It’s the middle of summer and we’ve somehow managed to cultivate another massive surge in rent growth for the quarter. Landlords are grabbing all they can, lining their coffers in preparation for leaner times that never come. We’ve all learned from past experience the tides are bound to change, they always do, but the question is, when? This gravy train keeps rolling along. No large bubbles drifting along the horizon yet, but there are plenty of exasperated renters.
Here in the second quarter of 2015 the national average rent has grown nearly 8% from last June and increased $38.00/mo. to $1,225.00/mo. over the past quarter. Of the 38 MSAs published by real Answers, all 38 showed an increase in monthly rent. One third posted quarterly gains of 4% or greater.
The top growth markets in the current quarter are not a surprise to us; they reflect the same trend as past quarters, the most aggressive rent growth concentrated in the Western Region; it’s hub, California.
Tech heavy market leader, San Jose is number one for the second consecutive quarter. Its rents grew by $127/mo. from $2,457/mo. to $2,584/mo. The San Francisco-Oakland-Fremont MSA is a close second at $96/mo. from $2,371/mo. to $2,467/mo. Next up is Santa Rosa at $77/mo., from $1,613/mo. to $1,690/mo. In the number four spot this quarter is Portland, up $76/mo., from $1,148/mo. to $1,224/mo. Rounding out the top five is Denver, up $73/mo., from $1,242/mo. to $1,315/mo. Other notable markets this quarter are San Diego, Sacramento, Riverside-San Bernardino and Vallejo, California.
It’s easy to get caught up with the headline grabbing markets of California; to become so jaded that we barely notice what’s happening with other markets, where growth is also uncommonly high. Markets like Phoenix and Las Vegas typically lose tenants to cooler climates in the summer but not so this year. Quarterly revenues are up by 2-3%.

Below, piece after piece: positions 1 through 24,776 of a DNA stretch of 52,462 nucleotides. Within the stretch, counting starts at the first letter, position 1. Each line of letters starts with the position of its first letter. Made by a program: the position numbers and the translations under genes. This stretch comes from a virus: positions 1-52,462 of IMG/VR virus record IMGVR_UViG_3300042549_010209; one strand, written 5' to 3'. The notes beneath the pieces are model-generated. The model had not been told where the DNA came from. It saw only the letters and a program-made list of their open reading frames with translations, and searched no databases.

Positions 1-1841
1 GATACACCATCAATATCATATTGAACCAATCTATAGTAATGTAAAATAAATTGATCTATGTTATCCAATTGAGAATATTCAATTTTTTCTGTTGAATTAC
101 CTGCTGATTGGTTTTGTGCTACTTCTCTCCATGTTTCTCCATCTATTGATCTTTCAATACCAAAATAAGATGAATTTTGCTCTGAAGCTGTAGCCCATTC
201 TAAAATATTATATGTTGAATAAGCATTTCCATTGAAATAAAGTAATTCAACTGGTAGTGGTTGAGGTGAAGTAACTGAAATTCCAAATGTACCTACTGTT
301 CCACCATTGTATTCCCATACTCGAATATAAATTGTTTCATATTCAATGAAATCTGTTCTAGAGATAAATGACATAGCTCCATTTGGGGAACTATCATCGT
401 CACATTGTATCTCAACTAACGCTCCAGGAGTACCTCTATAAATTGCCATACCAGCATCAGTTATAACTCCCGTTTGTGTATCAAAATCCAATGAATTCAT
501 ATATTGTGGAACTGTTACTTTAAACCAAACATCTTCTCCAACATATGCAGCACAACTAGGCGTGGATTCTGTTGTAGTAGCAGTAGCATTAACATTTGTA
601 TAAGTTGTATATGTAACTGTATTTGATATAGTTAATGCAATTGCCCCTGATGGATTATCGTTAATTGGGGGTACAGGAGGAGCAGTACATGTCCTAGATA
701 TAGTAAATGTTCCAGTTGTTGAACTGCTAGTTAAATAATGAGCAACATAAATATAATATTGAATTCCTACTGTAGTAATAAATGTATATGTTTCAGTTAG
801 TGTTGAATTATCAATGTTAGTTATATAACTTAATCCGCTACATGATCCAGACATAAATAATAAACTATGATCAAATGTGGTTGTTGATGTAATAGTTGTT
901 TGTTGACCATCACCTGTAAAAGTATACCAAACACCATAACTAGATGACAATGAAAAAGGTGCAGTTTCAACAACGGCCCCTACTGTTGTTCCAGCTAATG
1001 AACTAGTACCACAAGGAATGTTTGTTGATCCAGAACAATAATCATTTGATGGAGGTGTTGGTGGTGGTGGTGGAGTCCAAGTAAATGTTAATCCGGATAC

The national occupancy rate in the second quarter of 2015 has perfect symmetry at 95. A 5% vacancy rate is thought to represent the ideal market condition. There are units still available to rent and plenty of wiggle room for landlords to push rents still higher.
Rents have been steadily climbing since the later part of 2010, when the rental market began to work its way out of a two year drought brought on by the 2007 national recession. Rents first started to rise as home owners began to default on “over leveraged” property. Then a renters by choice market developed, comprised mostly of young people and empty nesters desiring an urban lifestyle. Now, four years later, rents are still climbing. The economy is growing and creating new employment opportunities and housing is in short supply. Builders and developers are still winding up their pitching arm to bring new supply to market for both rental and for sale housing.
So, when will the rental market move out of this current growth cycle?
First we need a bubble before we can have a market correction. Watch San Francisco and San Jose. These two areas precipitated the current national growth cycle. Our most recent survey shows growth is still being realized in the city of San Francisco where rents are up by $66/mo. in this quarter alone. The tides will change when San Francisco rents stop growing. Echo markets such as Santa Rosa, Oakland and Los Angeles will continue to grow while secondary markets (Vallejo, Sacramento, Riverside, Portland, Phoenix, Albuquerque, Salt Lake and Las Vegas become oversupplied. Collapsing secondary markets ripple outwards and inwards back towards the core, mix together with one part unforeseen reversal of fortune and we enter into the fourth phase of the cycle where we started this conversation, recession.